Jesus would have walked about with sandals on his feet. Everyone walked about in sandals. Sandals from the time of Jesus have been discovered in desert caverns between the Dead Sea and Masada, allowing us to observe firsthand what they were like during the time of the Savior. The soles were made of thick strips of leather that were sewed together, and the top sections were made of leather straps that went through the toes. They were extremely plain and straightforward. Gabi Laron is the photographer that captured this image.

Sicarii sandals belonging to three generations of the Sicarii family: a child, a man, and a woman. Exhibition catalogue for The Story of Masada, published by G. Horowitz in 1993. The Hebrew University, the Israel Antiquity Authority, and the Israel Exploration Society are all located in Jerusalem.

4. Features

And what about Jesus’s physical characteristics? They were of Jewish descent. The fact that Jesus was a Jew (or a Judaean) is unquestionable since it is repeated in a variety of literary sources, including the writings of Paul, provides more evidence. Furthermore, as stated in the Letter to the Hebrews, “it is unmistakable that our Lord was descended from the tribe of Judah.” So, how do we see a Jew at this time, a guy who, according to Luke chapter 3, was “around 30 years of age when he began,” in this situation?

  1. He did not assert that it was the face of Jesus.
  2. Image courtesy of Alamy Caption for the image Despite what some painters, such as the artist who created this fresco in Crete, may believe, Jesus did not have blue eyes as others have imagined.
  3. Moses is depicted in undyed garments, and his one cloak is in reality a tallith, since tassels (tzitzith) can be seen at the corners of the Dura depiction of Moses splitting the Red Sea.
  4. Image courtesy of Alamy A tallith (used as a cloak) with blue ornamentation seems to be worn by Moses in the image description; the blue in both garments is most likely the result of indigo dye being applied to them.
  5. If you subscribe to the BBC News Magazine’s email subscription, you will receive items delivered directly to your inbox.

What Did Jesus Look Like?

In Western cultures, the most popular representation of Jesus Christ has been that of a bearded, fair-skinned man with long, wavy, light brown or blond hair and (often) blue eyes, who has been shown in this manner for millennia. However, the Bible does not describe Jesus’ physical appearance, and all of the evidence we do have shows that he looked significantly different from how he has been shown for so many years.

What Does the Bible Say?

The Bible provides only a few hints as to Christ’s physical appearance. The Gospels of Matthew, Mark, Luke, and John, which comprise the first four volumes of the New Testament, contain the majority of what we know about Jesus. According to the Gospels, Jesus was a Jewish man born in Bethlehem and reared in the town of Nazareth, in Galilee (then Palestine, now northern Israel) around the first century A.D. While the Bible informs us that Jesus was around 30 years old when he began his ministry (Luke 3:23), it tells us almost little about his physical appearance, other than the fact that he didn’t stand out in any particular manner.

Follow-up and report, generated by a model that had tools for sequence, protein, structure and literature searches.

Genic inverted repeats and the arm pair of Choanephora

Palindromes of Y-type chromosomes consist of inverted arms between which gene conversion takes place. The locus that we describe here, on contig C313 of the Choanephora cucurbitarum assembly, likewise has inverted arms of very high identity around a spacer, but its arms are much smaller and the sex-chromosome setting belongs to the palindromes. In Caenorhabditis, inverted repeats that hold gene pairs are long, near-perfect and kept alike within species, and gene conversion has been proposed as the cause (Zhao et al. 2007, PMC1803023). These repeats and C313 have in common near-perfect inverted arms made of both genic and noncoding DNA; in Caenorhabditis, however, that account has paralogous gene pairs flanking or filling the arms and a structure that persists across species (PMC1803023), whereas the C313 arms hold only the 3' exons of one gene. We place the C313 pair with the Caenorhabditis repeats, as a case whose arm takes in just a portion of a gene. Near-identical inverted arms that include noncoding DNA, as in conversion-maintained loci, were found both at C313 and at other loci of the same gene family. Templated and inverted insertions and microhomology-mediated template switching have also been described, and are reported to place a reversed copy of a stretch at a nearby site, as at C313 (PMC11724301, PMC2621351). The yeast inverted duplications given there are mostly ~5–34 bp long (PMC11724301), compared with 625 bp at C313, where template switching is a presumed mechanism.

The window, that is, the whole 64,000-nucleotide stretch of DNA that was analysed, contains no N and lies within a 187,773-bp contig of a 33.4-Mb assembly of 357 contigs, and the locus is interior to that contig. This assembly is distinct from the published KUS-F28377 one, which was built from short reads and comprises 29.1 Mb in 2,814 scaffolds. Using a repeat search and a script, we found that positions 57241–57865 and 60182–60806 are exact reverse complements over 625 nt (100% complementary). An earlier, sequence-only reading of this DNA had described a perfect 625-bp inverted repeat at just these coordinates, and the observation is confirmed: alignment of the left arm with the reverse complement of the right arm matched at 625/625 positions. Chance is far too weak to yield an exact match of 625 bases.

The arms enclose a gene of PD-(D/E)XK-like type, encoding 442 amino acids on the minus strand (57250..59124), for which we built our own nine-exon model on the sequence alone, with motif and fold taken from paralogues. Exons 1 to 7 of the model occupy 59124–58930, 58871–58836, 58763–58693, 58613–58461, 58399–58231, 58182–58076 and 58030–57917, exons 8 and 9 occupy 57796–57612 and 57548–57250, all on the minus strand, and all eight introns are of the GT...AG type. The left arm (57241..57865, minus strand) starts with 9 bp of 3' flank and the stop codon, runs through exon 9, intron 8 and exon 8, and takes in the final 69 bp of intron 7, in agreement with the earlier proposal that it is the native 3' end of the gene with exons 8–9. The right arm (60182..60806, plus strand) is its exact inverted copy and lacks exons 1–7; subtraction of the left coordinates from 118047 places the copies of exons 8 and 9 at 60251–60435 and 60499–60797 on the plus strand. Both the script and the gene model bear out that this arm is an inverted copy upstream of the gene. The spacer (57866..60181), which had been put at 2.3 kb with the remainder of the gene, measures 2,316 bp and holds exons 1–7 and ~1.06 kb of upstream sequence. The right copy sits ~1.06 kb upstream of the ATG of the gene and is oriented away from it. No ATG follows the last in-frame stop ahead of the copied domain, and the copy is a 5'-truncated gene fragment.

WATCH: JESUS: A HISTORICAL PERSPECTIVE Photograph by VaultGodong/UIG, courtesy of Getty Images According to several academics, the passages from Revelation 1:14-15 provide evidence that Jesus’ complexion was a deeper shade and that his hair was of a shaggy texture.

In the light of day, his eyes were like a blaze of fire, and his feet were like burnished bronze, purified as though by fire.” ‘We have no way of knowing what he looked like,’ says Robert Cargill, assistant professor of classics and religious studies at the University of Iowa, and editor of the Biblical Archaeology Review.

Thus, his appearance was that of a Palestinian Jewish guy living in the first century AD. He would have had the appearance of a Jewish Galilean.” READ MORE:Who Wrote the Bible?

How Have Depictions of Jesus Changed Over the Centuries?

Some of the oldest known artistic images of Jesus date back to the mid-third century A.D., more than two centuries after his death, according to archaeological evidence. These are the paintings that were found in the ancient catacombs of St. Domitilla in Rome more than 400 years ago, and they are still in existence. The paintings represent Jesus as the Good Shepherd, a youthful, short-haired, beardless man with a lamb wrapped over his shoulders, which was one of the most popular depictions of Jesus at the time of their creation.

  1. Photograph by Andreas Solaro/AFP/Getty Images Another early image of Jesus was discovered in 2018 on the walls of a damaged chapel in southern Israel, marking the discovery of yet another rare early portrait of Jesus.
  2. It was painted in the sixth century A.D., and it is the earliest known image of Christ found in Israel.
  3. During the fourth century A.D., the long-haired, bearded picture of Jesus began to develop, which was significantly influenced by portrayals of Greek and Roman gods, notably the all-powerful Greek deity Zeus.